The flavor of chayote fruit is often described as a blend of zucchini, green bean and cucumber, which is fairly accurate. The flesh is starchy and stays reasonably firm when cooked. Chayote is rich in vitamins C and B6, folate, potassium, magnesium and fiber.
Buying: Chayotes are available in all markets serving Latin American communities and often in markets serving Southeast Asian or Indian communities. Look for smooth fresh appearance and no bruises, soft spots or discoloration. If you can find a variety with dark green skin it will probably be more flavorful but the light green variety dominates the markets. The big spiky variety is available in some markets that serve a Central American community.
Storing: They'll keep a few days at room temperature or about a week refrigerated. They need fairly high humidity so they won't shrivel.
Prep: If your chayotes are mature with thick skins you need to peel them, The toughest skins are easy to remove after cooking, and very young chayotes with tender skins can be eaten skin-on. In the middle are most of them, the ones with skins too tough to eat but too tender to pull off easily.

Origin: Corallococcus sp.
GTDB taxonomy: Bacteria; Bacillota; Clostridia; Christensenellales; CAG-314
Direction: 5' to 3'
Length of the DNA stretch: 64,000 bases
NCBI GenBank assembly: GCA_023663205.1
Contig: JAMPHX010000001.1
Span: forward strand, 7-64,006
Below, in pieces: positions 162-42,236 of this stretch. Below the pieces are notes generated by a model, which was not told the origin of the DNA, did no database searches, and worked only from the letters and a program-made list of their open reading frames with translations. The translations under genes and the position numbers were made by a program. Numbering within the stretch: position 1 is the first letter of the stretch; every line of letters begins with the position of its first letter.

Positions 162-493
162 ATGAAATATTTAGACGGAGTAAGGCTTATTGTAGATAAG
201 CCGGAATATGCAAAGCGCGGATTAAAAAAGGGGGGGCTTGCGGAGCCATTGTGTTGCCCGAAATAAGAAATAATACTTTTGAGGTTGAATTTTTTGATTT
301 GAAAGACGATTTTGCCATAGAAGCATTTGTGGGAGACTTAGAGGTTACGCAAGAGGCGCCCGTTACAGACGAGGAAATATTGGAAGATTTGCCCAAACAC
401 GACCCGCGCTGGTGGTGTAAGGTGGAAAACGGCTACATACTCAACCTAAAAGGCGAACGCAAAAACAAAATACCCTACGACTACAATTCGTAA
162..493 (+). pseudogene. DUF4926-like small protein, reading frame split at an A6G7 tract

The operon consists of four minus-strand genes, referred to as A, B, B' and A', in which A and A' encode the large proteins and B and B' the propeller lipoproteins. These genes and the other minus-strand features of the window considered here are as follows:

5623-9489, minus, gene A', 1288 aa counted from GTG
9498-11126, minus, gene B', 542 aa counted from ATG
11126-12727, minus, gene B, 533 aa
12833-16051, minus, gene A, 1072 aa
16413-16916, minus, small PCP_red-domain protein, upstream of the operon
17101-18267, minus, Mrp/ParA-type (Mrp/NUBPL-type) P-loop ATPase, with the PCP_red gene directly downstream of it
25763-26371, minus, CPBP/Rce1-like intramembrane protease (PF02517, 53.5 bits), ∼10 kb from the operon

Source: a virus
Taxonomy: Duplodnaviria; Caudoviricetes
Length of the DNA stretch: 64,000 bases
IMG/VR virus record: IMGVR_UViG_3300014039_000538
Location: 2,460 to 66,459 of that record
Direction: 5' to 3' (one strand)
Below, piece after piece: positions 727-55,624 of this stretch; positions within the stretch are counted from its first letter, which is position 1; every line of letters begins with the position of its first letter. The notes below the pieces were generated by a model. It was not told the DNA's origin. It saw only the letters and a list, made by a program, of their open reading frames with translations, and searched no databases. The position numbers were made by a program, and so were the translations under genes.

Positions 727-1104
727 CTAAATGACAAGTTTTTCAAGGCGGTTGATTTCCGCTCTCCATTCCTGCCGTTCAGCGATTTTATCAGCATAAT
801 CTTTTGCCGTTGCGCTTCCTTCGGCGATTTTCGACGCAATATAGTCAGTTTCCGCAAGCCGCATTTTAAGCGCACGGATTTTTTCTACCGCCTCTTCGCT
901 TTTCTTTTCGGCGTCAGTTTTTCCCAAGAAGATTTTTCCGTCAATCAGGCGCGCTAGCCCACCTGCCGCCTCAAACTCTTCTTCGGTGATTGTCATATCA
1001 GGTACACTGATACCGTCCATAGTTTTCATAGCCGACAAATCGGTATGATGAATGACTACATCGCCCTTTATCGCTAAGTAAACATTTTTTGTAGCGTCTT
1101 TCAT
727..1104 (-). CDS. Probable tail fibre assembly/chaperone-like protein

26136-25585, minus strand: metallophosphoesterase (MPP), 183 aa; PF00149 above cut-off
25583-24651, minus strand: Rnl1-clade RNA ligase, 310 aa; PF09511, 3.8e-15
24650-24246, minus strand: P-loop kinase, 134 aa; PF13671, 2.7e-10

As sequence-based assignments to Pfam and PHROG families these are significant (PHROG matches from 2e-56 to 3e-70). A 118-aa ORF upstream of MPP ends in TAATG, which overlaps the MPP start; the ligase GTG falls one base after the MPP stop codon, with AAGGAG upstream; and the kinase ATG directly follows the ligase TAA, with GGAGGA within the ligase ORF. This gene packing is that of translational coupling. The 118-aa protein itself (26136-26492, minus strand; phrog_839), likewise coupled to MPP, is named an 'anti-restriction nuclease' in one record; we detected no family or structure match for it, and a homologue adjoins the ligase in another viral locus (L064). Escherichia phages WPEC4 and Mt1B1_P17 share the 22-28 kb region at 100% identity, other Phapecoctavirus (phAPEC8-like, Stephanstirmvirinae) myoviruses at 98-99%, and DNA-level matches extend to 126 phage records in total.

Most of the skin can be removed with a vegetable peeler, but that in deep grooves needs to be cut out with a sharp knife. once you have split the Chayote in half lengthwise on the seam, it is easy to take a diagonal slice off the big end to remove the skin there (see top photo bottom right).
I've often read that if you peel them raw they exude a sticky substance that's difficult to wash off your hands. I've peeled plenty of fresh Chayotes with a vegetable peeler, but have failed to experience this substance.
Inside are two large embryonic leaves (cotyledon). If these are large, they are a tasty morsel with a lightly nutty flavor, generally eaten by the cook as soon as the chayotes are done, and seldom getting to the table. The seed coat that surrounds the embryo is soft so need not be removed.
Prickly Chayotes: First you want to disarm them by blasting them with your Propane Torch. They'll still have some stubble but won't stab you. The vegetable peeler is useless, you have to carve the skin off with a sharp vegetable knife.
Cooking: Chayote chunks or slices can be put into soups and stews raw if simmering time will be at least 20 minutes. Otherwise, steam or simmer until done, about 20 to 25 minutes, and add to the recipe when it is almost done.